However, it’s important to remember that among the fantastic consumer products that are providing both choice and affordable technologies, not to forget about the importance of education. At the end of the day, having our modern tools becoming more accessible is wonderful, but ultimately they are just tools. To take my home country of Australia as an example, there is currently 59% unemployment among people who are blind or vision impaired, and when you look at the statistics in relation to educational opportunities there is a very notable correlation between who struggle to find employment and people who have not been fortunate to have educational opportunities. The correlation is comparable across other disability groups. To make the great technological benefits work for us, we need to learn how to use them in an area where we have the passion and skills to make the most of them and for this we need to always consider the pursuit of education. Importantly, education doesn’t have to be in a tertiary setting, or even specifically to find a job; my first degree featured a major in Computer Science and a minor in Creative Writing, an odd combination forged by the fact that I struggled with maths and had a very supportive course controller who provided me with the opportunity to take out the maths part of my degree and put in something else instead. While most of my friends were sceptical about how Creative Writing would ever be relevant, as I’ve moved through my career it became a great basis for technical writing and in turn has been invaluable in writing the book. I’m a great believer that no knowledge is wasted knowledge, so the combination of striving to learn more, combined with the amazing technologies rapidly evolving round us, makes for an exciting road ahead for all people with disabilities. If you are currently wrestling with diffiuclt decisions about your future, I would encourage you to embrace both education and accessibility technologies as a great combination for the road ahead.

Before wrapping up this post I’d just like to thank DAC for the opportunity to share this information. DAC are an important part of that global tapestry of accessibility work going on in the online community and see the benefits of education and technology first-hand through their specialist staff. Everyone’s work in this space makes a significant and profound difference to the lives of people with disabilities and I appreciate the opportunity to share my thoughts on this website.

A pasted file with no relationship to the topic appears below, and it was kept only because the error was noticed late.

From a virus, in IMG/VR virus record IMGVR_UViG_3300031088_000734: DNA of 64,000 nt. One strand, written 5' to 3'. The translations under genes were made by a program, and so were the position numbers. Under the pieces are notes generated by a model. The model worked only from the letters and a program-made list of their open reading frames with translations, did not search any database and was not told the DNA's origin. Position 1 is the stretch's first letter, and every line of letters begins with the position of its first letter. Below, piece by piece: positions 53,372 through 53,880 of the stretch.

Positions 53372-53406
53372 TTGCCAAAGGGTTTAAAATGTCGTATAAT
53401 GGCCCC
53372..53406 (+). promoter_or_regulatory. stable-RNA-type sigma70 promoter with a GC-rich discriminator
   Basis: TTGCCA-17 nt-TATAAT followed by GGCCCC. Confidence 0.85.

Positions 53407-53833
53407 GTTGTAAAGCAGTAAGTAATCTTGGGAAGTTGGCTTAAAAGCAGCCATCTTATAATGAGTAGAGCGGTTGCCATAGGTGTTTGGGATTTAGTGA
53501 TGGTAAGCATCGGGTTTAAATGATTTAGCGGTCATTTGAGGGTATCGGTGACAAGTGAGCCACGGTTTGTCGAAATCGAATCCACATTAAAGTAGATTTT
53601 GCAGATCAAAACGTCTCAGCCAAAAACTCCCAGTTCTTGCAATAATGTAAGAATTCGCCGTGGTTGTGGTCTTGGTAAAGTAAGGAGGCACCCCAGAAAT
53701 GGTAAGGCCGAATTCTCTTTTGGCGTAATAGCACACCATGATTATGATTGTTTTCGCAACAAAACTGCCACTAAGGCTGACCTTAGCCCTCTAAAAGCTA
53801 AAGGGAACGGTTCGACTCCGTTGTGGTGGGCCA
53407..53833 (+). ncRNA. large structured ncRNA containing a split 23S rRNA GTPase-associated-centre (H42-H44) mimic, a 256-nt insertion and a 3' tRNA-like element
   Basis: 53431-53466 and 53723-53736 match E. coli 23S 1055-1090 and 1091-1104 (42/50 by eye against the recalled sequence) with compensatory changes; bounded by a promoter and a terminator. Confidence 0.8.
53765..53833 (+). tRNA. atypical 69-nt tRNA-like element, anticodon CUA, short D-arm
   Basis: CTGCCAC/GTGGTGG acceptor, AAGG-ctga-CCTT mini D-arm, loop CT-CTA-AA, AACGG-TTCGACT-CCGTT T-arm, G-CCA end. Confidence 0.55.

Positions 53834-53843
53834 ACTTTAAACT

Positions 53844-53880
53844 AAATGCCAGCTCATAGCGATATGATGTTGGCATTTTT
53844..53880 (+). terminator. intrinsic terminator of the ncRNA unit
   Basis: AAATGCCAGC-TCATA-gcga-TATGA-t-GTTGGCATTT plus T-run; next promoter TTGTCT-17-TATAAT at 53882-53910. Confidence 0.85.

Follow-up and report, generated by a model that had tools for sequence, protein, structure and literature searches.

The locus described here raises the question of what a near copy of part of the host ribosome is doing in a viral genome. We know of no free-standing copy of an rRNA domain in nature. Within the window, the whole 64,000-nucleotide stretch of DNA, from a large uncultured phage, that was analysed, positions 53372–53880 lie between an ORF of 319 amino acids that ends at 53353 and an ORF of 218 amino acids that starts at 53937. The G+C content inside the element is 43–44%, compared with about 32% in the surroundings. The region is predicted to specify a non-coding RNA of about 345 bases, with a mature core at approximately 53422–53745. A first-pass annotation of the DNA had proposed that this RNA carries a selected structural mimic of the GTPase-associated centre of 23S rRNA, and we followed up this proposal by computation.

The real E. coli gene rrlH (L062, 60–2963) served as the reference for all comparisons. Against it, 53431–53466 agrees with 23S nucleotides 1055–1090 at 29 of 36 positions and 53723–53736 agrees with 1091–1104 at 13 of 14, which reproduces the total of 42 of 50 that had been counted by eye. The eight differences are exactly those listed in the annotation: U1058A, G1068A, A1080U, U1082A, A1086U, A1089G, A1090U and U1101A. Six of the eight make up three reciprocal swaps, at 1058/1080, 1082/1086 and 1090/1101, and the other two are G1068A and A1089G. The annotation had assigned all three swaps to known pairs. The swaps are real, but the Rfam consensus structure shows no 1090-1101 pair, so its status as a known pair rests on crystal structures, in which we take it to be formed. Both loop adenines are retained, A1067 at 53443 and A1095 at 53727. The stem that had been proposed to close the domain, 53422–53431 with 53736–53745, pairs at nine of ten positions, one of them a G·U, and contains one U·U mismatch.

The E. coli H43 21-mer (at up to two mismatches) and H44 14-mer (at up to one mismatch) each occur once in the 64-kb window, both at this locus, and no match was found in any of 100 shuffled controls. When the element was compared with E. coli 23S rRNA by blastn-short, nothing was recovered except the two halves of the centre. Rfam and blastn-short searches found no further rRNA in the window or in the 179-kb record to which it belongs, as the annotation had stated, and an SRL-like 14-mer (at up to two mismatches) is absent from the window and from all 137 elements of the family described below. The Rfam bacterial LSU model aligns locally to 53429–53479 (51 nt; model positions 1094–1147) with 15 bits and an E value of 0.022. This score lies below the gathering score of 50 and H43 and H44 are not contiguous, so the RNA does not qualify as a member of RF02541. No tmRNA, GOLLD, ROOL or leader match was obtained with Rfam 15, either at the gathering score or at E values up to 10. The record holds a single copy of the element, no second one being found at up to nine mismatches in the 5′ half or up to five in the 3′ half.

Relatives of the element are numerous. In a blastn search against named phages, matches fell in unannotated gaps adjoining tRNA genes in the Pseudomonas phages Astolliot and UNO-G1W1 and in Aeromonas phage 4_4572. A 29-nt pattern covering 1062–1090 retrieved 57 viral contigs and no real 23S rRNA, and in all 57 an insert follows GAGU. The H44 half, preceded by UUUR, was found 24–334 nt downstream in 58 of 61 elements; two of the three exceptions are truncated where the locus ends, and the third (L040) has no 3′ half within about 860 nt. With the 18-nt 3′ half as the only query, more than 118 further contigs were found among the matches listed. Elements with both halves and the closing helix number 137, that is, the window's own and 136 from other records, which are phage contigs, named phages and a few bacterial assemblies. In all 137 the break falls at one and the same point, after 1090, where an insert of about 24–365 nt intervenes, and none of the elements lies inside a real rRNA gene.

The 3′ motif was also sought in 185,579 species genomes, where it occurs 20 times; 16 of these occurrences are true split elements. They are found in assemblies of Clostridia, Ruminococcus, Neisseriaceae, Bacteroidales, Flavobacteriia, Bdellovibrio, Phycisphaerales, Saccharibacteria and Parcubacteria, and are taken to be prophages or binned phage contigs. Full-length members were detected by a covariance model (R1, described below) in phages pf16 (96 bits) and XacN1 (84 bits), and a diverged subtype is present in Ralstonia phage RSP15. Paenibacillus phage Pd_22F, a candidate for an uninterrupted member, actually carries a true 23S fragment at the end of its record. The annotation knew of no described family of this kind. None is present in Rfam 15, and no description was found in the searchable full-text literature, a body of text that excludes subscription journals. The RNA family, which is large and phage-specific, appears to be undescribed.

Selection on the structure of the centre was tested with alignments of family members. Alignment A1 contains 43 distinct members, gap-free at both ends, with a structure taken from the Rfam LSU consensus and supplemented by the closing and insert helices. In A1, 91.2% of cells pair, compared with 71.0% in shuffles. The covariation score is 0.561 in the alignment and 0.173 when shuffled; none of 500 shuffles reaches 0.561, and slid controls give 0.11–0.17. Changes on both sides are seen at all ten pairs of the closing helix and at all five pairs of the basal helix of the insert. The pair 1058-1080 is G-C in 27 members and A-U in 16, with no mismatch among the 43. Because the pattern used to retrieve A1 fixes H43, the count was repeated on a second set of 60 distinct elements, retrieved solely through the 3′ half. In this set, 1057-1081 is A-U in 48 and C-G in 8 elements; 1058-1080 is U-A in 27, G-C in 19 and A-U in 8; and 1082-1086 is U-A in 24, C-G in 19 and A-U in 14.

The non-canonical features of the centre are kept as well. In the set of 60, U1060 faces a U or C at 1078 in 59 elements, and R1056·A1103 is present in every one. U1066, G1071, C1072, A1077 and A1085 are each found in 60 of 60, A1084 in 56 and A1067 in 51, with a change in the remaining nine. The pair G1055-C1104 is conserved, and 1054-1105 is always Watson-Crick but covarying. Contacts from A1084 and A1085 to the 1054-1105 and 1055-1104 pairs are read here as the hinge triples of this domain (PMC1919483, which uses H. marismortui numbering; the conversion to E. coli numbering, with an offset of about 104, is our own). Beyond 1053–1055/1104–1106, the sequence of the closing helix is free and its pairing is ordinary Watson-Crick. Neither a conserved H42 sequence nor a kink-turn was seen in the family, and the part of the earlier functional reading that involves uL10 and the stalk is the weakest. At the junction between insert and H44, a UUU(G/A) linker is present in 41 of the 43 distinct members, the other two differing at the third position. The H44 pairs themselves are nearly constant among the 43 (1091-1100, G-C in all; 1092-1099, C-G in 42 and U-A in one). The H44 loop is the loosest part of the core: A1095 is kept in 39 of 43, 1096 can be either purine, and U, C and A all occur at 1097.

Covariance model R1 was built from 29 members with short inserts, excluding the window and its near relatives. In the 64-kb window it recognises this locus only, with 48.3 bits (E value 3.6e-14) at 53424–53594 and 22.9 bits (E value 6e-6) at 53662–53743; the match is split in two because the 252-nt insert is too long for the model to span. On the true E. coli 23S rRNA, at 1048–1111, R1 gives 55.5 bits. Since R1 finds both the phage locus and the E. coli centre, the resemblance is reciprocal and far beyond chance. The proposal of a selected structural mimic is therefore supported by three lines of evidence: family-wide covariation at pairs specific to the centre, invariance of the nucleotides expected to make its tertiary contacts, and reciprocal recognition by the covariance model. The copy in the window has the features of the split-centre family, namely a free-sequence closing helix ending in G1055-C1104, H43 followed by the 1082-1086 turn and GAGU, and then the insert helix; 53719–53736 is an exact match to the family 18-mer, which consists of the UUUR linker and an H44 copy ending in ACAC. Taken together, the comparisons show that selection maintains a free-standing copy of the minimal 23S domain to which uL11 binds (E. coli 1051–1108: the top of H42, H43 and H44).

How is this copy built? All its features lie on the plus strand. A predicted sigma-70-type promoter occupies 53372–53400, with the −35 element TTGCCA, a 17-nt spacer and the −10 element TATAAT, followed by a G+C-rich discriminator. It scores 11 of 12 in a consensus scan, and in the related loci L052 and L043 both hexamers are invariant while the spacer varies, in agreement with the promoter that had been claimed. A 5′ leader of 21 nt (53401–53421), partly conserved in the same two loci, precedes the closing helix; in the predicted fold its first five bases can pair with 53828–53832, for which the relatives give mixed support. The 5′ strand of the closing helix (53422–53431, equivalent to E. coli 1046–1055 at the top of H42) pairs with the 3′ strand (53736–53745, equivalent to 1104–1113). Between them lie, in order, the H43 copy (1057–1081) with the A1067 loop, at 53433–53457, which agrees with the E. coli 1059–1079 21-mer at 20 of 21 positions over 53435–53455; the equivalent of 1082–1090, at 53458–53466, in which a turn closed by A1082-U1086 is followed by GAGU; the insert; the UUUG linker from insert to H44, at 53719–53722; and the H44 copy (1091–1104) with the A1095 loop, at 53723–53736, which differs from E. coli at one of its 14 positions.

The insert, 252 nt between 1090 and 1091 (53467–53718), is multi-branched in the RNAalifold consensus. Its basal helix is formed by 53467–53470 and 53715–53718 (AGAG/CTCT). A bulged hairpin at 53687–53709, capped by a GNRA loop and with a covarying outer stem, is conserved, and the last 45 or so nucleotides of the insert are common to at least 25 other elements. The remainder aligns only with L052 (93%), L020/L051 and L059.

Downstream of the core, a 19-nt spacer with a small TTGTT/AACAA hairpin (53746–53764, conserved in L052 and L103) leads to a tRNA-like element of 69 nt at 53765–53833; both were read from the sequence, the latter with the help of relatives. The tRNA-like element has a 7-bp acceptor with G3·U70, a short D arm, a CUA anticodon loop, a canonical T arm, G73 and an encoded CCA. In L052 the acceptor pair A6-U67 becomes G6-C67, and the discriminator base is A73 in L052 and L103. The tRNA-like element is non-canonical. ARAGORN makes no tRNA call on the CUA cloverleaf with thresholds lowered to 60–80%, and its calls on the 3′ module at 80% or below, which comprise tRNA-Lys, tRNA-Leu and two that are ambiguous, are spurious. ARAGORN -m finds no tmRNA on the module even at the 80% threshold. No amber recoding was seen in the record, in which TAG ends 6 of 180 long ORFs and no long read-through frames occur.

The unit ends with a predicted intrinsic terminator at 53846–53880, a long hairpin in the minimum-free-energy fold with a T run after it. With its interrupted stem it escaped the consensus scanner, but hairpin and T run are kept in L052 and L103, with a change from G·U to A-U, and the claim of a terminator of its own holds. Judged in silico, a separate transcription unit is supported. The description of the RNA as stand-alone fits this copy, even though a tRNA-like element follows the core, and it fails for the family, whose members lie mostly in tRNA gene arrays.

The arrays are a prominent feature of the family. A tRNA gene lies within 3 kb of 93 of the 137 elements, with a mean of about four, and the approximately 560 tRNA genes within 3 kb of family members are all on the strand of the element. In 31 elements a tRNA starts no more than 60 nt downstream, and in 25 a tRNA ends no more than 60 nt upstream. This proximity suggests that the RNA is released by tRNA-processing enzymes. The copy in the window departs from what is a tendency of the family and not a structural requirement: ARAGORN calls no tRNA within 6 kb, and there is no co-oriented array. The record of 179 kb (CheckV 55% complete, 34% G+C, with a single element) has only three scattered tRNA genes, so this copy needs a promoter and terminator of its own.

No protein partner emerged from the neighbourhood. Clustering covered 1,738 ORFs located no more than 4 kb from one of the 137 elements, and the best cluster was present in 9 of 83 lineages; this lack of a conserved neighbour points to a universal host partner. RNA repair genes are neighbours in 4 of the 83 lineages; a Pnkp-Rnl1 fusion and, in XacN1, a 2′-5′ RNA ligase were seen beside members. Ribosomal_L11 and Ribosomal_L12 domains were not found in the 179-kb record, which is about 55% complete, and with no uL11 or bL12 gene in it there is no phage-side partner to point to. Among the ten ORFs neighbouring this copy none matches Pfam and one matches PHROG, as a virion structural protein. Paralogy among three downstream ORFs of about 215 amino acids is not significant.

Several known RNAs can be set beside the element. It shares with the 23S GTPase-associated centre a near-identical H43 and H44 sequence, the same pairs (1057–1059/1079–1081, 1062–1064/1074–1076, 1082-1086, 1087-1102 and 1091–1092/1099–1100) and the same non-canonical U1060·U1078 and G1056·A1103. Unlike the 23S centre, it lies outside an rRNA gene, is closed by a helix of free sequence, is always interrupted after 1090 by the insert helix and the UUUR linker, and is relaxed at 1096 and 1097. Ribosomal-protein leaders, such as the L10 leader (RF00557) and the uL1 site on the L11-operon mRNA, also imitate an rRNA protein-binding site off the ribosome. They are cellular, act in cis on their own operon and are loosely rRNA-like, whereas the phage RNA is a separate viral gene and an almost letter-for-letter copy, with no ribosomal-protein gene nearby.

If you would like to read more about my thought sin this area, you can find out more about my book at Outrunning the Night (external link) including links to purchasing it through as a paperback or Kindle e-book.

A day in the life of a blind man part 3

02/12/2016 Edited by Mike Taylor


In our final episode of 'a day in the life of a blind man', one of our screen reader analysts takes us through his routine, and gives us an idea of how he adapts to life without site.

My work day has come to a close and I’ve travelled home. My daughter has already been picked up from her school, and on a good day has had her tea. We are lucky enough to live opposite a local park, and also live near to the beach. We love nothing more than taking a walk through the park, walking around the local duck pond where I am able to push my son in his push along car in safety, and maybe calling in at the play park. On these occasions I again walk with my daughter, who has grown very good at a young age of guiding her Daddy where he needs to go, these moments to me are precious. I do panic sometimes in the busy play park, as I’m afraid I’ll lose her or that she might get hurt without me knowing. Fortunately my wife is always there to keep an eye out should something go wrong, which it hasn’t yet! If it’s not the park then it’s often a film. My daughter tends to choose the recent classics such as Paddington or Frozen, although my son is now giving strong competition with Toy Story! Funnily enough I now know these movies off by heart, but at first these films were difficult to understand without being seen visually.

Many TV programmes and movies have audio description on them. This is a backing track where a person describes wat is about to happen seconds before the event takes place, for example “Paddington puts the tooth brush in his ears.” I couldn’t get along without audio description, as it is hard to follow what is happening on screen. I went to the cinema a few years ago to watch a movie, and then watched it again with audio description a few months later. My experience and perception of the film changed dramatically, as I picked up far more of what was happening with the audio description and so I now tend not to watch anything without this aid. Sadly not all TV programmes and films do have audio description, particularly older films and programmes. I tend to find that many TV series do not have the description, and so are not really worth buying on DVD or a streaming website, meaning that I can’t access many of the programmes I would be interested in. My daughter has grown used to the audio description, and when it’s not turned on tends to tell me what is going on anyway to the best of her ability, it’s really cute actually.

If it’s my turn to cook and I’m glad to say this is rare, I tend to avoid the hobs where possible. This is because I lost my sight about eight years ago, and so find pots and pans difficult to use. This is only for me personally as many people with sight loss do use the hob, but I prefer to use a steamer in the microwave. Far less risky I think. My daughter loves my pasta when I’ve got time to make it!